The 2015 NHL Draft was held almost 10 months ago and the first post-draft season is soon in the books. How did the season go for some draftees and did they live up the expectations? Let’s take a look at last year’s draft rankings and look at how the year has been going for some prospects. I came up with some obvious and some less obvious.
Connor McDavid and Jack Eichel are good at hockey. The first and second overall picks from the 2015 Draft did not waste a lot of time to impress at NHL level. McDavid would have been the untouchable Calder Trophy winner if an injury did not keep him out of the lineup for almost 40 games. He would have been a potential top three scorer if remained healthy.
Another sensational rookie, Jack Eichel, has been a constant contributor on a weak Buffalo Sabres team. His 56 points are the second-highest mark among all rookies, only trailing to Chicago’s Artemi Panarin. He will most probably not win the Calder Trophy but he has made Sabres fan happy throughout the season with his performance.
There had been plenty of words on McDavid and Eichel already, so I will skip that and let the stats speak for them:
Connor McDavid (1st overall, Edmonton Oilers, 45gp-16g-32a-48p)
Jack Eichel (2nd overall, Buffalo Sabres, 81gp-24g-32a-56p)
Noah Hanifin (5th overall, Carolina Hurricanes, 79gp-4g-18a-22p)
Noah Hanifin was the highest picked defenceman in the draft and has spent the entire season with the Carolina Hurricanes. He was already the second most productive defender on the team after Justin Faulk. The Boston-native has made an impact in his return to Boston and scored the game-winning goal in the fifth round of the shootout.
Pavel Zacha (6th overall, New Jersey Devils, 1gp-0g-2a-2p)
After finishing his season with Sarnia Sting, the Devils have signed and recalled their 6th overall pick, Pavel Zacha. He played in the Devils’ season finale against the Toronto Maple Leafs. Zacha was lined up together with his childhood idol Patrik Elias in his first ever NHL game and had two assists in that game.
First #NHL game, first NHL point for Pavel Zacha, who sets up Devante Smith-Pelly's 14th of the season to tie things at 1.
— NJDevilsPR (@NJDevilsPR) April 9, 2016
Mikko Rantanen (10th overall, Colorado Avalanche, 9gp-0g-0a-0p)
The Colorado Avalanche gave Mikko Rantanen a first taste of NHL-hockey by suiting him up in nine games. They sent him down to play the season in the AHL, where he was San Antonio’s topscorer. I am convinced that Rantanen would have been NHL-ready this year as he is playing against men since he is 16 years old, but the Avs did not feel the need to have him in the lineup and didn’t want to burn his first year of the entry-level contract.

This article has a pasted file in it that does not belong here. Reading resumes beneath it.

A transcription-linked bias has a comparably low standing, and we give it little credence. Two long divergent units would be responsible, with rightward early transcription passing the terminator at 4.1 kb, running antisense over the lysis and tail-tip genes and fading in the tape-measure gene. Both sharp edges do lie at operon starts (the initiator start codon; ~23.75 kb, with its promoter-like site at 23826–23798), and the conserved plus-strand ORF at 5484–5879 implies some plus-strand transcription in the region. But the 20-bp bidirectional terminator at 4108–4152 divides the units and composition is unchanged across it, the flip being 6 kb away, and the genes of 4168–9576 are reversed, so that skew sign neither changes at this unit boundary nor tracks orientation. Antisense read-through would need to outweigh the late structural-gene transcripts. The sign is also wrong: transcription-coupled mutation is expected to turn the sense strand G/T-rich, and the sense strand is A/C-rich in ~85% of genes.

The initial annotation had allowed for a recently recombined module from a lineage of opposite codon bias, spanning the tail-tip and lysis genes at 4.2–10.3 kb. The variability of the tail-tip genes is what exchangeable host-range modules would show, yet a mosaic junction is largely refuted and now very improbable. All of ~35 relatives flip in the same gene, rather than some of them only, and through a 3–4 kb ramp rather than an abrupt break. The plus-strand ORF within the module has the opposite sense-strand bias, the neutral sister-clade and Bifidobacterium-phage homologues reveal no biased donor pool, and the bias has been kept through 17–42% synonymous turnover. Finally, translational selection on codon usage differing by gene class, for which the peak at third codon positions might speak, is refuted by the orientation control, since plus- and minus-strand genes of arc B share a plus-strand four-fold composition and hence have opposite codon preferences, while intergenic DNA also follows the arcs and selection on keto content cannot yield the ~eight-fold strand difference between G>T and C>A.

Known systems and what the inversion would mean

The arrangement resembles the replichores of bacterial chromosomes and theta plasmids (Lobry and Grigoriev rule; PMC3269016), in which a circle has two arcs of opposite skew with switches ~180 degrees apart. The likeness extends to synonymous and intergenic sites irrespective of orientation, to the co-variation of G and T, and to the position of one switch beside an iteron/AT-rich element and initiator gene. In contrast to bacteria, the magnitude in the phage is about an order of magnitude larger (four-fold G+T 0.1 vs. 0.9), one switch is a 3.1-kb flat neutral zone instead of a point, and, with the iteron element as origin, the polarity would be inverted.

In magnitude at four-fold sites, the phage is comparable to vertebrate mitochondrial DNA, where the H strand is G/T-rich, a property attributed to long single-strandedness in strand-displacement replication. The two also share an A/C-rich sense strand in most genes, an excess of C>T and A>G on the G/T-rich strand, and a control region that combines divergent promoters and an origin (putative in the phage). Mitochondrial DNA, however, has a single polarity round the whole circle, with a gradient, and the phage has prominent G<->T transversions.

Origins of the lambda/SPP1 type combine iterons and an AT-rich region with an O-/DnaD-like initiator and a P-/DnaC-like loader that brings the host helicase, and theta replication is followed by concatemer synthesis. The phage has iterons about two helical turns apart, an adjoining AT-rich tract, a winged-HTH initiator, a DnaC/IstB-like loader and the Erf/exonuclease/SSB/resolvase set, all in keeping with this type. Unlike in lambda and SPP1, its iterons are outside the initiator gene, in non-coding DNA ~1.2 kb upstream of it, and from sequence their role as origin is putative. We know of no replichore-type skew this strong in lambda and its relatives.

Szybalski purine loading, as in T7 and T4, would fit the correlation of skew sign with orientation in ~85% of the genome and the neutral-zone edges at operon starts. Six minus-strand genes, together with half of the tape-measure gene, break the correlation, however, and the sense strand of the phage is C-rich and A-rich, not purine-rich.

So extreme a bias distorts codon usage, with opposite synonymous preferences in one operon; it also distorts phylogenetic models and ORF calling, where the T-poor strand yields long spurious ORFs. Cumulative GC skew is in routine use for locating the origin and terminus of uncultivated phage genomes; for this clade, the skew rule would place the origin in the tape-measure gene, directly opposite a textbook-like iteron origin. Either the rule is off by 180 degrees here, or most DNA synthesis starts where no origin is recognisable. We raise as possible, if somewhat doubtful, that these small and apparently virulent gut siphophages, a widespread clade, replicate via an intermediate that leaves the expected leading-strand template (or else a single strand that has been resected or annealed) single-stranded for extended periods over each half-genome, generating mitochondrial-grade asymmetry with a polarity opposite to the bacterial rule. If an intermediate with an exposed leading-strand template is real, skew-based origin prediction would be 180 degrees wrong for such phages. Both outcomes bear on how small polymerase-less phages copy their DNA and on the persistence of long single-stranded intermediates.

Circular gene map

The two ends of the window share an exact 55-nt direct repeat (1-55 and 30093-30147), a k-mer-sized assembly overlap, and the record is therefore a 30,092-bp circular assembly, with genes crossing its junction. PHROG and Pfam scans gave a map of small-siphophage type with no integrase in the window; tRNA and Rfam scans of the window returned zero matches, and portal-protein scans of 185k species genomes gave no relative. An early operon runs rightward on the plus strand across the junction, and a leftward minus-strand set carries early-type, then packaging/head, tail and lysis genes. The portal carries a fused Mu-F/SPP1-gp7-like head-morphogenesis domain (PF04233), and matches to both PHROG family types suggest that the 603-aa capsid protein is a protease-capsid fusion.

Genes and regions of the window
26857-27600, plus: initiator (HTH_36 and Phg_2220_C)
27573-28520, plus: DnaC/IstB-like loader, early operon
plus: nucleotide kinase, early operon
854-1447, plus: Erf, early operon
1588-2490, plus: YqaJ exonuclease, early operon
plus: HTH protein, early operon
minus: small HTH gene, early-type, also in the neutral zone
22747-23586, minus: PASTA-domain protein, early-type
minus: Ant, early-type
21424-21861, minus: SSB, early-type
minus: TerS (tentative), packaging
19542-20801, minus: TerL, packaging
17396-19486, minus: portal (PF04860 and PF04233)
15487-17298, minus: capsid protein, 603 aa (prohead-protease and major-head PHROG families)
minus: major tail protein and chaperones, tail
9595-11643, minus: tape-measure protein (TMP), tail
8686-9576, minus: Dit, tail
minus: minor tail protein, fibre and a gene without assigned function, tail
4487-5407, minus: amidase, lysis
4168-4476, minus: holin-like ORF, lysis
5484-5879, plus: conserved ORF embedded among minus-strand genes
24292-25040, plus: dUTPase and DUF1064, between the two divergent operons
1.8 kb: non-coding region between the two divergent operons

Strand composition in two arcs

Daniel Sprong (45th overall, Pittsburgh Penguins, 18gp-2g-0a-2p)
Daniel Sprong’s 18 NHL games with the Pittsburgh Penguins surprised me the most among all rookies. Although in my eyes he was drafted too low at 45th overall position, I did not have the impression that he is NHL-ready when I scouted him in the QMJHL with Charlottetown. After giving him limited minutes and making him a healthy scratch, the Penguins sent him back to the juniors just shortly before the Christmas break. By keeping him past the 10-game mark, they’ve burned one year of his entry-level contract. However, the question remains why so many teams missed out on Sprong.
Oliver Kylington (60th overall, Calgary Flames, 1gp-0g-0a-0p)
Swedish defenceman Oliver Kylington spent the season with the Flames AHL affiliate, the Stockton Heat, where he had 11 points in 43 games. Kylington was originally considered a first round pick but has dropped in the course of the draft year due to inconsistency in his game. Nevertheless, he has some serious upside and could become a great pick up that late in the draft. The Flames recalled Kylington for their season finale against the Minnesota Wild.
Dominik Simon (137th overall, Pittsburgh Penguins, 3gp-0g-1a-1p)
Czech over-ager Dominik Simon is the Penguins’ fifth-round pick. After a strong World Championship tournament, he has been on my radar right after getting drafted by the Pens. Simon has offensive upside and is a quick skater who likes to produce offence with his skating and puckhandling skills. Simon got called up to make his season debut in March and collected one point in three games with the Penguins. He does have the potential to become a nice addition for the Pens in a bottom-six role.
Zach Werenski (8th overall, Columbus Blue Jackets)
With the departure of Ryan Johansen in Columbus, US-born defenceman Zach Werenski should become the new face of the Blue Jackets franchise one day. The University of Michigan product has only been selected as the draft’s third-best defender behind Hanifin and Ivan Provorov. Some prospects evaluator had Werenski even ahead of both of them. Werenski had a great overall year in the NCAA as well as with the U.S. WJC team, which he captained. After finishing the NCAA season, Werenski was signed to an AHL tryout contract and the organization announced that he will stay with Columbus’ affiliated team for the rest of the season. Werenski will be a future star in Columbus and a potential captain for the franchise.
Kyle Connor (17th overall, Winnipeg Jets)